The military is developing new technologies that the U.S. can use moving into the 21st century. Some of these updates are welcome news in response to aging technology and new developments. Others contain hidden dangers and should inspire a great deal of caution.
The current backbone of the military is the M1 Abrams Tank and M2 Bradley fighting vehicle. But these were designed back in the 80s, making them 40 years old. They have variants and upgrades that have helped American soldiers fight increasingly electronic wars, but these are vehicles designed to fight the Soviets in Europe, not for insurgencies or high-tech wars.
The army is developing new models for tanks, infantry fighting vehicles, self-propelled guns and even robotic tanks. Many of these models are coming from the same companies, BAE Systems and General Dynamics, which respectively make the Bradley fighting vehicle and Abrams Tank. This defuses one of the biggest possible dangers in that the U.S. tries to complete something that is so futuristic that it becomes expensive, doesn’t adequately meet the challenges it is faced with, and takes too long to develop. As Dave Berry joked, this is like the congress in 1790 funding the X-97 thunder-fire musket that finally entered its testing phase in 1957 and promptly exploded.
Just the recent history of defense technology is littered with failed systems that over-promised and under-delivered while wasting millions of dollars. And the F-35 remains the poster child of something so complex and expensive that it might never deliver on the promises made. But the companies that provide current vehicles should have a better idea of what can reasonably be delivered. The new vehicles should have better active protection systems to stop anti-tank missiles, tactical networks, and even drones as an integral part of the vehicle’s systems. These could better operate against low-tech insurgents, but also have the capabilities against the upgraded systems of Chinese and Russian competitors.
Other developments are much more promising. With upgrades to Russian helicopters and an increasing reliance on missiles, the U.S. is developing mobile short-range defenses (MSHORAD); they are even developing lasers that can shoot as long as they have power, and save money on ammunition. These are much needed upgrades that can help the American military and its new vehicles attack and defend in environments that combine low-tech adversaries like ISIS and hi-tech items like drones and helicopters. These new systems should be included in every conversation about potential Chinese technology and the dangers they might pose.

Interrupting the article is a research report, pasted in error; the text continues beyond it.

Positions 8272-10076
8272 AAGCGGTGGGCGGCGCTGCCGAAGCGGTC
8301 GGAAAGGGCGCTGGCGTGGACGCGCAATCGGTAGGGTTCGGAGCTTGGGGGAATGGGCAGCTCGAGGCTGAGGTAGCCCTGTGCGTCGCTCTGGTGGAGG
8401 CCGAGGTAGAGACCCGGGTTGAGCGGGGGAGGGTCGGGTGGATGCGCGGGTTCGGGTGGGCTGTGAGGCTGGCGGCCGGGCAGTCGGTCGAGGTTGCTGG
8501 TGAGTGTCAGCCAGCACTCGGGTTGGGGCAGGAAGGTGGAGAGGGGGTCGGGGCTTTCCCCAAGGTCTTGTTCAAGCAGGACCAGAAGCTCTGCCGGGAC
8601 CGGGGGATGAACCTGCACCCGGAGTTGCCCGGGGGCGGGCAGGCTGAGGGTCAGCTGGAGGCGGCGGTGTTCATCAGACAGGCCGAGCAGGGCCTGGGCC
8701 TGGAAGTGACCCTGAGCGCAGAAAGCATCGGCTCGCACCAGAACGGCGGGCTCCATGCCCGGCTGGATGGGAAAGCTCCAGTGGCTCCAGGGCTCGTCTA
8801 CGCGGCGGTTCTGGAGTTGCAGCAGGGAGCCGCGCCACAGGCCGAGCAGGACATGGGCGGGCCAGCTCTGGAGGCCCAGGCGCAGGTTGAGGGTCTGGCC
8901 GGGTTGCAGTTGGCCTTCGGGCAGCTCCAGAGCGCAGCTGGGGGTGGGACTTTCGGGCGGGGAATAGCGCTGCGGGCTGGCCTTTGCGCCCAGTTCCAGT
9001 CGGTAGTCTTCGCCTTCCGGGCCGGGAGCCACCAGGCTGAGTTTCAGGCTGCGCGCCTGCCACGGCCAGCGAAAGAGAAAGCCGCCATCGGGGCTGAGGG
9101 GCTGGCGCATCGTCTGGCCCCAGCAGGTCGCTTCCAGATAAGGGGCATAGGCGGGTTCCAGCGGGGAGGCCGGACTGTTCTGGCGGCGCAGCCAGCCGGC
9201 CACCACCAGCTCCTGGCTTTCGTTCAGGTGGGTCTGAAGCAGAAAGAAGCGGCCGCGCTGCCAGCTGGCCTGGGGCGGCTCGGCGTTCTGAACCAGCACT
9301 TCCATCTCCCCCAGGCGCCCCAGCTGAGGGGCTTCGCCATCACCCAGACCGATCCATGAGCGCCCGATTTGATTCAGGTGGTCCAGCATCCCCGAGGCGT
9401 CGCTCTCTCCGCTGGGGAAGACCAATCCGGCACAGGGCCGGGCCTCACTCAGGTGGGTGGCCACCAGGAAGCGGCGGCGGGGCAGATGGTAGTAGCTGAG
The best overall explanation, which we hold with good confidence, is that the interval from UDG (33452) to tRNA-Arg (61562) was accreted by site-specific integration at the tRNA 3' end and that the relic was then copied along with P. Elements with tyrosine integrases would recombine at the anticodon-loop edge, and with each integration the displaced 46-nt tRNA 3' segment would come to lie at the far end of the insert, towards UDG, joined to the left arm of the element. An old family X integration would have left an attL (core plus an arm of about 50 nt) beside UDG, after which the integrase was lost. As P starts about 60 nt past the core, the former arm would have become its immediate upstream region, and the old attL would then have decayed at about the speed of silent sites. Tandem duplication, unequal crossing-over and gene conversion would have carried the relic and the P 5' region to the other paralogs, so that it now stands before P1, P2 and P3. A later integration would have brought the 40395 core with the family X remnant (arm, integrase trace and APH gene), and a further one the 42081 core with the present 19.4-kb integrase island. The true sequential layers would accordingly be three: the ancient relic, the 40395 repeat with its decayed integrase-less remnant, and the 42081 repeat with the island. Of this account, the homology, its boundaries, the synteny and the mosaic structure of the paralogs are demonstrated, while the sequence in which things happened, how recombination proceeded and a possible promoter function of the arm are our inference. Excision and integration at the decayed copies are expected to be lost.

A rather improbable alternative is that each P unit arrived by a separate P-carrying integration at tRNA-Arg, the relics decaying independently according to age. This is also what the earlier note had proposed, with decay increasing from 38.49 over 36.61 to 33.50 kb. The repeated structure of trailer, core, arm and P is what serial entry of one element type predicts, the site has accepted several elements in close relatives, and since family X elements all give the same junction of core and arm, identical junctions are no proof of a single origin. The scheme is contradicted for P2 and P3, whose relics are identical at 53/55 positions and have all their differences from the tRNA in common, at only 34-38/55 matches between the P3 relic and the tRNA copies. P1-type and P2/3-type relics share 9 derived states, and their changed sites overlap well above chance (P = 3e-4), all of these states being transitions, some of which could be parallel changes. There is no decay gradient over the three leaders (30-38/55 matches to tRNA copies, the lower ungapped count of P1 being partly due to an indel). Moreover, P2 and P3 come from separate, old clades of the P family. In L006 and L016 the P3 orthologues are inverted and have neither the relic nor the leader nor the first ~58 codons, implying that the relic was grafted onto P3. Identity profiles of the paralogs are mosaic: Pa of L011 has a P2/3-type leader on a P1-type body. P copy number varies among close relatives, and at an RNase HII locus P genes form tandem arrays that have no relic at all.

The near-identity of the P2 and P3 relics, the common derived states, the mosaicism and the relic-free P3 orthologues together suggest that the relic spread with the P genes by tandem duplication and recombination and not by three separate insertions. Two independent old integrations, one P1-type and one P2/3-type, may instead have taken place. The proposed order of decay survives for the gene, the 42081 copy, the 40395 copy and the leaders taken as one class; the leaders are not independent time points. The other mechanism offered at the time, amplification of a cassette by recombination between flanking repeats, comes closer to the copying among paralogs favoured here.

The final danger is that of technology worship. Future warfare seems to be a growing cottage industry with the more fanciful claims often getting more publicity. All of this technology is nice on its own. After all, our competitors are fielding new and dangerous systems such as hypersonic missiles, their own advanced fighters, and portable cyber and electronic warfare units—we need the tools to effectively counter them. But numerous examples from history and incisive cautionary tales from fiction, including the recent Zombie fantasy World War Z, should provide caution in the over-reliance on technology.
Science fiction is extremely entertaining but can also be used for trenchant social commentary. In World War Z, the zombie apocalypse occurs in the near future and almost destroys humanity. After the Great Panic that started the apocalypse, the U.S. military decisively engaged the growing zombie horde at the Battle of Yonkers. American infantry, with smart weapons networked with advanced generation fighters, awaited the zombie horde coming from New York City. But their smart technology didn’t kill as many zombies as they would have thought. The infantry rifleman did not have enough ammunition distributed and the proper formation, let alone the discipline to maintain it to contend with the overwhelming numbers—they were defeated.
The government retreated and consolidated its position in the Rocky Mountains. After reforming, they re-engaged the zombies starting at Hope, New Mexico. This time, the U.S. had mothballed its expensive technology that was less effective in fighting low-tech zombies. They armed their soldiers with a basic rifle that would never jam, put them in a simple line or square and then distributed ammunition and water. The firing line that often turned into a square formation recalled the Greek Phalanx, Roman Legion, and British firing line. It also recalled my time in the Marine Corps where every Marine was a rifleman.
Of course, it won’t be zombies, but whatever enemy the U.S. faces will likely require far more than fancy robots, lasers, and dazzling fighters. They need a competent and trained cadre of personnel. As General Bob Scales said, the U.S. needs, among other items, a “Band of Brothers” mentality, “those who, over a period of years, have worked collectively to achieve physical fitness, emotional maturity, technical competence, confidence in their leaders, and an intuitive sense of the battlefield.”
America is on its way to developing new combat systems and land vehicles that should take America through much of the next century. There are dangers that include an overreliance on technology, and a burdensome and expensive process that takes so long that the weapon system never really helps. But Americans should be aware of the positive developments like adding mobile missile defense systems and the upgraded backbone of American forces such as tanks and personnel carriers with technology to deal with new threats like drones.